The 12-year period between the end of the Cold War and the destruction of the Twin Towers was perceived as calm and peaceful. Yet foreign-policy experts say these were pivotal years in shaping America’s role in the world.
Derek Chollet and James Goldgeier will examine those years in a lecture at the Library of Congress on their new book “America Between the Wars.” The authors will speak at 4 p.m. on Thursday, June 12
, in Room 119 of the Thomas Jefferson Building, 10 First St. S.E., Washington, D.C.
The event, sponsored by the John W. Kluge Center at the Library, is free and open to the public; no tickets or reservations are required.
According to Chollet and Goldgeier, when the Berlin Wall collapsed on Nov. 9, 1989 – signaling the end of the Cold War – America and the West declared victory: democracy and free markets had prevailed and the United States emerged as the world's triumphant superpower. The finger-on-the-button tension that had defined a generation was over, and it seemed that peace was at hand.
The next 12 years rolled by in a haze of self-congratulation, what some now call a "holiday from history." When that complacency shattered on September 11, confused Americans asked themselves: how did we get here? Chollet and Goldgeier will examine how the decisions and debates of the years between the fall of the Berlin Wall and the terrorist attacks shaped the events, arguments and politics of the world we live in today.
Chollet is an analyst and commentator on American foreign policy and politics at the Center for a New American Security. He has held positions as assistant to James A. Baker III, secretary of state for President George H.W. Bush; and chief national security adviser to Democratic North Carolina Senator John Edwards. He is the author of "The Road to the Dayton Accords: A Study of American Statecraft."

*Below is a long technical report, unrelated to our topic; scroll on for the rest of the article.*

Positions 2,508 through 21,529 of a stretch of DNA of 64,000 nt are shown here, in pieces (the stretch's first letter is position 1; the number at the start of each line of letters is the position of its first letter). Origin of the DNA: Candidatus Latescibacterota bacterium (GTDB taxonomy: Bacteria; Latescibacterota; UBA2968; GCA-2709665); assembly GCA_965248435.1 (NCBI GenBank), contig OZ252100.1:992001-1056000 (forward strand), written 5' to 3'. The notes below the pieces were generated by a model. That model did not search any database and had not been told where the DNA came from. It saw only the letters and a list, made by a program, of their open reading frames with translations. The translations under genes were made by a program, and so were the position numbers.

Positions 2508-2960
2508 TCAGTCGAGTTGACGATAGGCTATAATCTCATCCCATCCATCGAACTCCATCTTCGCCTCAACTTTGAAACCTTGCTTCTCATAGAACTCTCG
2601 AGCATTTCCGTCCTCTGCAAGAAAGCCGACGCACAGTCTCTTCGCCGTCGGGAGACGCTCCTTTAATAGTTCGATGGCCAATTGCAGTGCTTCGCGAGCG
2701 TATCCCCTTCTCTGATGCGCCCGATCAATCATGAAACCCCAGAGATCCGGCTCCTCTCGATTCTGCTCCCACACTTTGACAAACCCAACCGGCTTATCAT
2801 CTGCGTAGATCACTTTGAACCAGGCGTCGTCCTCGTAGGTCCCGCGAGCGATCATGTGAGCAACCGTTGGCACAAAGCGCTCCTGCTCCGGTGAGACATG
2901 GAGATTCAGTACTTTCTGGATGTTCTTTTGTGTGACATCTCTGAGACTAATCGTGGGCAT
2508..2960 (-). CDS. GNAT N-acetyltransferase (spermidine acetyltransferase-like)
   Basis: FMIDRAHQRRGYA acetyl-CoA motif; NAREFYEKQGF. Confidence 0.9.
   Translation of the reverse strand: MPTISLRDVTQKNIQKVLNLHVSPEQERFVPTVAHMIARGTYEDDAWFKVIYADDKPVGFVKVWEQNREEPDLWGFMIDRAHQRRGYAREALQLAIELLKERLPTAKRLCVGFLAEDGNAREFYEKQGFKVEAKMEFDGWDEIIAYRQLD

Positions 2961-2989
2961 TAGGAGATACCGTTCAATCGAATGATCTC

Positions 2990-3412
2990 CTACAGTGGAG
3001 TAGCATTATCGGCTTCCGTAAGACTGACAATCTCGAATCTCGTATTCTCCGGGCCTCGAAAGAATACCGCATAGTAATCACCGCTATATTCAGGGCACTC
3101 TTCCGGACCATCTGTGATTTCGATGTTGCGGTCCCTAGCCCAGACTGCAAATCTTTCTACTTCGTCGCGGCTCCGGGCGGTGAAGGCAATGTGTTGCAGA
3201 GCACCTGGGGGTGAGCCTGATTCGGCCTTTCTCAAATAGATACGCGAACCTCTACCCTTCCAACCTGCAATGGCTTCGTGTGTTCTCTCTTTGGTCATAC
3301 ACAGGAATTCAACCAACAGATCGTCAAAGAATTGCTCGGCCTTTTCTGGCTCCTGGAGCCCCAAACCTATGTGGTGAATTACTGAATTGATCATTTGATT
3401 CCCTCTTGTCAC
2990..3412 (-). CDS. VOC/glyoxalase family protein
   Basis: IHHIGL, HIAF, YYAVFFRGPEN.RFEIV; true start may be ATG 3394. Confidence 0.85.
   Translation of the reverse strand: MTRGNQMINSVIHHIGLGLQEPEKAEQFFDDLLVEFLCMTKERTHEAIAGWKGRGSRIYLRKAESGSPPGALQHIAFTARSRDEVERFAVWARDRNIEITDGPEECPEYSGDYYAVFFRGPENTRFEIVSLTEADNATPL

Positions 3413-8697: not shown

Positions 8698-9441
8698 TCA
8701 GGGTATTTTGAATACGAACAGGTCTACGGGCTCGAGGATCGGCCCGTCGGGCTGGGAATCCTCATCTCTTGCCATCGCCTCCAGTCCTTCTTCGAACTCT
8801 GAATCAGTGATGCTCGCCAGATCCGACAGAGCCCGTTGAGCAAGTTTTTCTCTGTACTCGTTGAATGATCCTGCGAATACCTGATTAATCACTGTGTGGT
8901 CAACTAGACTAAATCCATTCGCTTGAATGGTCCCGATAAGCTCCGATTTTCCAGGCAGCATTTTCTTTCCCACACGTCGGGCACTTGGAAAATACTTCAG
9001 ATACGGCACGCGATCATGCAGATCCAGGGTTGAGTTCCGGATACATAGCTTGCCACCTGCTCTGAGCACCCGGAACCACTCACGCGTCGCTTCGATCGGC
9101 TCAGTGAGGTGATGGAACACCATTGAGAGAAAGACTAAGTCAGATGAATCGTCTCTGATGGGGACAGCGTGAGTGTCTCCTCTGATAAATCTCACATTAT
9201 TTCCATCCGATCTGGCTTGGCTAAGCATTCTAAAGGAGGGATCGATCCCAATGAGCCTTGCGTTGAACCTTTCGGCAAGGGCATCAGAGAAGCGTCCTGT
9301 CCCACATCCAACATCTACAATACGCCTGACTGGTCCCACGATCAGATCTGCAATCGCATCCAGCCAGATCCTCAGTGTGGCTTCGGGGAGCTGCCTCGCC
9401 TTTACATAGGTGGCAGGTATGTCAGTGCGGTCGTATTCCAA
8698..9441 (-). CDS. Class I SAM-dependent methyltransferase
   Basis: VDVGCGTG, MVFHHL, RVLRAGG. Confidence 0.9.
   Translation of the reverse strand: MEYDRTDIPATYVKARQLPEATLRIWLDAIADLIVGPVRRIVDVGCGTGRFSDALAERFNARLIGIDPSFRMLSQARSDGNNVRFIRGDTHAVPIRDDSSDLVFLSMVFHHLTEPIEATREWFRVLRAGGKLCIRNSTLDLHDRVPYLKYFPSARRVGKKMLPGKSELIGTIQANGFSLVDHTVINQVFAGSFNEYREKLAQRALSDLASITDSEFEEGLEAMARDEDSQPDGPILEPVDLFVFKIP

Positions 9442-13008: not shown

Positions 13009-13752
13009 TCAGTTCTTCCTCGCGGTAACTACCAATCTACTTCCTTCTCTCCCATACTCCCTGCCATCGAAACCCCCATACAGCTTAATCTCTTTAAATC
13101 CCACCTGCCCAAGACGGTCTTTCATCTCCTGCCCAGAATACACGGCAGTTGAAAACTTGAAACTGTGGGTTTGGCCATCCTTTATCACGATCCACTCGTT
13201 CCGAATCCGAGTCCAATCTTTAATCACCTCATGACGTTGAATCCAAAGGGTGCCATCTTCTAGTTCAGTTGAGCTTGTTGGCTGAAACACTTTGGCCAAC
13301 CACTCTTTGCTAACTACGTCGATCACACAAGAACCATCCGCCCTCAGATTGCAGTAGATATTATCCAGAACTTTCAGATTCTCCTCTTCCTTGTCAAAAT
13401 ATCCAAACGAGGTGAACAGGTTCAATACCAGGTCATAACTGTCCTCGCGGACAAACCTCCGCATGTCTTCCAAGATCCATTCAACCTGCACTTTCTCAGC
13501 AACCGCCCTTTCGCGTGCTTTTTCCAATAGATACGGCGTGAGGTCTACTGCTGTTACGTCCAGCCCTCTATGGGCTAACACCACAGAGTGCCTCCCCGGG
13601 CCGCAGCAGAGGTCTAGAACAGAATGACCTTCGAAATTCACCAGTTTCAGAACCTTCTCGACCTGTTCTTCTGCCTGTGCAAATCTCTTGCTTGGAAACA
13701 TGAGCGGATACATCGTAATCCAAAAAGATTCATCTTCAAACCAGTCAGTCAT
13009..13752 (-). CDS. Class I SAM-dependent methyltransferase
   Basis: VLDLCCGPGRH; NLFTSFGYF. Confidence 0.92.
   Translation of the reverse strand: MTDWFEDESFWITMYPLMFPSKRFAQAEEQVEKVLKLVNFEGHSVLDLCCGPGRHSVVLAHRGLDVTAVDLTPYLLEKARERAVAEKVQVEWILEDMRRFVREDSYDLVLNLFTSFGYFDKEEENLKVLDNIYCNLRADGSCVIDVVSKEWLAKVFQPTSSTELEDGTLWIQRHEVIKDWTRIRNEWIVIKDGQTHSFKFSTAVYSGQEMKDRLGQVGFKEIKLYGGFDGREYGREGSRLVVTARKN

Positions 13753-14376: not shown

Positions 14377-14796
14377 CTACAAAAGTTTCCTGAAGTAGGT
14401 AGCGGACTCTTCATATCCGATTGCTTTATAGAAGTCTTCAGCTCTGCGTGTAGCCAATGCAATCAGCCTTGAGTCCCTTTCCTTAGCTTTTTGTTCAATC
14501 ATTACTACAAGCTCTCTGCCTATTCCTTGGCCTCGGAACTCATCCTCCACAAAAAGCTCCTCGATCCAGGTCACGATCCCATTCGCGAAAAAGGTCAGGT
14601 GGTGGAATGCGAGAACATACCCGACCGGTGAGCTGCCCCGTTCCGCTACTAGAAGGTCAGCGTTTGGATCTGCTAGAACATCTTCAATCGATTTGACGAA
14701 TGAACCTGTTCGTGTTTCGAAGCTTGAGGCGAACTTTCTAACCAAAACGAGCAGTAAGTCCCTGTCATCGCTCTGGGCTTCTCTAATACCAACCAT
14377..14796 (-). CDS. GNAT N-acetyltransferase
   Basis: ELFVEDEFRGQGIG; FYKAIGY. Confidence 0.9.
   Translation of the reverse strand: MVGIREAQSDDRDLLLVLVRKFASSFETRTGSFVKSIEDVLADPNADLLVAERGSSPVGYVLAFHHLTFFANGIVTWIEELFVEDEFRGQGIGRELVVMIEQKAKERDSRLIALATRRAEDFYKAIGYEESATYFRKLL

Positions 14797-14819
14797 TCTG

Goldgeier is a professor of political science at George Washington University and a senior fellow at the Council on Foreign Relations. He has held appointments at Stanford and Cornell Universities, the National Security Council, the Brookings Institution, the Woodrow Wilson Center and was holder of the Henry Alfred Kissinger Chair in International Affairs and Foreign Policy at the John W. Kluge Center at the Library of Congress. He has written three previous books on foreign policy and has been published widely in newspapers and magazines.
Through a generous endowment from John W. Kluge, the Library of Congress established the Kluge Center in 2000 to bring together the world's best thinkers to stimulate, energize and distill wisdom from the Library's rich resources and to interact with policymakers in Washington. For more information on fellowships, grants and programs, visit www.loc.gov/kluge/